In fact, the “Hakka” word in the recipe’s name makes reference to its Chinese origin, since 24 per cent of the Malaysian population is of Chinese “hakka” descent.

Where you can taste it: I can wholeheartedly recommend a restaurant called “Loke Fatt” near Kuala Lumpur Sentral (the city’s main train station).
How much you will pay: I payed around 20 RM (€4, or $4.50), which is not exactly dirt-cheap, but then Malaysia is probably one of the most expensive countries in the region.

Hakka Char Yoke, Southeast Asia food

6. Khao Soi (Thailand)

When people talk about Thai cuisine, “Pad Thai” always comes up. It’s no wonder, since it’s generally quite nice, you can find it anywhere in Thailand, and it’s really cheap: a huge plate of egg or chicken/shrimp pad thai will cost you 30-40 baht (around €1) on the street in Bangkok.

However, if I had to pick my absolute favorite dish from the Thai cuisine I know, it would be Khao Soi, by a mile. Heck, I’d say it’s one of the yummiest dishes I’ve ever had in my life!

Khao soi is a curried egg noodle soup typical from Northern Thailand and Northern Lao (although I didn’t find it there, nor in Myanmar, where apparently this dish comes from). The mix of flavors blended into the rich coconut milk-curry broth is absolutely delicious, and I love the contrast between the wide, chunky, steamed noodles and the crispy, deep-fried ones which are added on top just before serving. My mouth is watering just from writing this; that’s how much I liked Khao Soi!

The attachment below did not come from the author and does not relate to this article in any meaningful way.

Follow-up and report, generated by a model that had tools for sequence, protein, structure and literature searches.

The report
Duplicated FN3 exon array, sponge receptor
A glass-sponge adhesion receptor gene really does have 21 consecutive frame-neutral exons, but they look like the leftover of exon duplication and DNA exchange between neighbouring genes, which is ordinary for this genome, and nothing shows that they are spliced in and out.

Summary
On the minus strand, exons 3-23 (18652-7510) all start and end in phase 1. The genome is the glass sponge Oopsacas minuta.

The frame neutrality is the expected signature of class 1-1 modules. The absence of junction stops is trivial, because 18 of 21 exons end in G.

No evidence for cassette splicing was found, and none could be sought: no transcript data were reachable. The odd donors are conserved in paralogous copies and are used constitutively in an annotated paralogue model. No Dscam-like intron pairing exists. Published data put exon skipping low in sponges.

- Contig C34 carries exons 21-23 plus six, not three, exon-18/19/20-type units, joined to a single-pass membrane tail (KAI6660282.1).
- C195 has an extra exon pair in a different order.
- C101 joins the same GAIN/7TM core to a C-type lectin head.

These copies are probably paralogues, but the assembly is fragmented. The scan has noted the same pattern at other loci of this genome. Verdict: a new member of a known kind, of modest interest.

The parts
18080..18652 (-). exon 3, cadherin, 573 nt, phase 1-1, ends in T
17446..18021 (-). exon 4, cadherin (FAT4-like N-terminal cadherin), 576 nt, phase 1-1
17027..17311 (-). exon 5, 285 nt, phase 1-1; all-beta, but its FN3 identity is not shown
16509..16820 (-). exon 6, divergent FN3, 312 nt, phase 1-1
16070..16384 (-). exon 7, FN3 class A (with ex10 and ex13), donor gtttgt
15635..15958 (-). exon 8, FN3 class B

Where you can taste it: many places in Chiang Mai.
How much you will pay: around 50 THB (that’s €1.2, or $1.4) at a cheap restaurant.

Khao Soi, Thai food

7. Mee Curry Chicken (Malaysia)

Another Malaysian-Chinese dish I loved. Please note this is actually an egg noodle soup, but I botched the only photo I made after pouring the broth into the bowl, so I’m using this one instead. Anyway, the combination of sweet, sour, salty and spicy seemed perfectly balanced and made for a truly succulent dish.

Where you can taste it: Malaysia, with variations depending on the region. I had it at the excellent “Food Republic” food court in Kuala Lumpur.
How much you will pay: around 3.50 RM (€0.70, or $0.80) at a “hawker” (street) food stall. I payed a lot more for this one at the food court, but at 10.90 RM for a huge bowl it still was insane value for money.

Mee Curry Chicken

8. Tamarind Sweets (Myanmar)

Ok, these are more of a treat than a dish, but very much worthy of this list. I don’t think I’d eaten anything tamarind-based ever before, but I absolutely loved its taste.

Tamarind seemed to be a big thing in Bagan, where I had a delicious tamarind chutney at an Indian restaurant, and these delicate sweets at two different restaurants. I can’t say I looked hard for them, but I didn’t find them anywhere else in Myanmar (or indeed, in SE Asia).

Where you can taste it: restaurants in Bagan, and I’m sure they are sold at shops.
How much you will pay: can’t say; they were complimentary!

Tamarind sweets

Have you tried any of these dishes before? Do you have any other favorites? If you’d like to share your views, do leave a comment below!